In recent years, social media has given consumers a voice they didn’t have before. While they could call a company to complain about a product or service, it wasn’t as easy as tweeting a complaint. Customers think that since it’s easy for them to complain on social media, then it is easy for companies to solve an issue on social media too, which isn’t always the case.
Complaining on social media is easy, but I didn’t realize how often it is done. After participating in the #cmworld chat on Tuesday, I now have an idea.
A1. In the U.K. social media complaints increased 8x (!) between Jan ’14 and May ’15 #cmworld
— Jay Baer (@jaybaer) July 28, 2015
I mean, wow. That is a lot of complaining. I get why people do it since it is easy. I can’t sit here and say I’ve never complained on Twitter because I have — unsuccessfully at times I might add — but does it have to happen so often? Do we really get anything out of being really rude and only communicating with brands to complain?
Do we have to be so rude when we complain?
NO! Once again, Twitter and other social media outlets make it easy for complaining, but do people have to be so rude when they do? For example, I ordered the cucumber and tomato salad at Noodles & Company with no tomato — cue everyone thinking I’m weird — and received a salad with broccoli, tomato, and onion. I couldn’t help but laugh and tweeted the following post.
I ordered a tomato & cucumber salad at @noodlescompany & asked for just the cucumber & onion…this is what I got. pic.twitter.com/iHJh6iLuEd
— Lexie Kimball (@LexieKimball) February 3, 2015
I honestly wasn’t looking for anything out of it. I knew someone would get a giggle out of it, which is why I did it. But Noodles responded and I ended up getting two free meal vouchers out of the deal.
Should we only reach out to brands when we have problems?
NO! We have a handful of social media clients and use the social media tool Sprout Social to manage all of them. In Sprout Social, I can go back and look at the conversation a company and individual have had together. If I can see this, imagine the tools big brands use and their capabilities. If I have praised a company in the past before having an issue, don’t you think I’d be more likely to receive “service with an (emoji) smile” as opposed to someone grudgingly helping me via social media?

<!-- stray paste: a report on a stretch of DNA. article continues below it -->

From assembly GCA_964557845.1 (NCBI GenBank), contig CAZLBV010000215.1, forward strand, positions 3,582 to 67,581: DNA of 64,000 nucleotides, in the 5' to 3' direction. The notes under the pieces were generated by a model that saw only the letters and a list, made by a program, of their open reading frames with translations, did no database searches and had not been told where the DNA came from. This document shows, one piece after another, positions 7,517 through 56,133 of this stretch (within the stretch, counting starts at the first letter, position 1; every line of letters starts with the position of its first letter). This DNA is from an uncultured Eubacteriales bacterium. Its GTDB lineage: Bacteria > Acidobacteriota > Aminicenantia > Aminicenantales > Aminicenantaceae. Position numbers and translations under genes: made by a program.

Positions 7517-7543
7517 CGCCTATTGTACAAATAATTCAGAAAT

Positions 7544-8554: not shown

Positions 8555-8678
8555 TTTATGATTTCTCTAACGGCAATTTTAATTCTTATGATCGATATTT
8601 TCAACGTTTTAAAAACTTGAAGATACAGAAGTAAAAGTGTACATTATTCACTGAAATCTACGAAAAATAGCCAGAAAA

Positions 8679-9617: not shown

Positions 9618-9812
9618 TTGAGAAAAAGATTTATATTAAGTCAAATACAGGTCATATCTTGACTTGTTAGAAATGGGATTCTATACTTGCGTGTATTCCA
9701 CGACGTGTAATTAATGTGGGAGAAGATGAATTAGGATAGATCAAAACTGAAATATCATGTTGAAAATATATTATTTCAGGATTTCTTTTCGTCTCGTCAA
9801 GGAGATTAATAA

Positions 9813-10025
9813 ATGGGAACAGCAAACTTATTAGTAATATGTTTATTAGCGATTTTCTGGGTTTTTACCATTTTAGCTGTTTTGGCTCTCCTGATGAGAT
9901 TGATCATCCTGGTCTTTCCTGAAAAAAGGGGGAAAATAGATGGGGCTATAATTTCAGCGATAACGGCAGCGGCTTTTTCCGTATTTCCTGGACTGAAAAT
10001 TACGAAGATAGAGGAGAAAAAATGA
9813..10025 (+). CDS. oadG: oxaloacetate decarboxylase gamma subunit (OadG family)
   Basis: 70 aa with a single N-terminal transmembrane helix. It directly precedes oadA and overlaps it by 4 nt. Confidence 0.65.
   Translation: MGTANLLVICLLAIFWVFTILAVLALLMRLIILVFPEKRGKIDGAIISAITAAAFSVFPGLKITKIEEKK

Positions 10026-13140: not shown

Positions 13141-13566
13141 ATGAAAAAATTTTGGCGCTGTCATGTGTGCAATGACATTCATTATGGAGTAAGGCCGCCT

Should we stop complaining on social media?
NO! Complaints are beneficial to companies. Many companies consider complaints as valuable feedback to improve their products and services. Not only are the complaints beneficial to companies, they are also beneficial to other consumers. I can name a handful of products that I changed my mind about buying after seeing complaints and reviews online.
All-in-all, social media has opened new doors to allow companies to communicate with consumers, but that doesn’t give consumers the right to rip on a brand whenever they get a chance. Try and be positive on social media every once in a while, you never know how it can benefit you in the long run.
I tend to do that, too. Whenever I want to try a new product, I search for reviews first. And when I didn’t like what I’ve read, I won’t buy the product. Sometimes, I’ll just see 1 person rant about a brand on Facebook, and I’d already be convinced that I shouldn’t try that brand, too. You’re right, complaints can be really damaging to a brand. I’ll remember this the next time I’m tempted to tweet a complaint. 🙂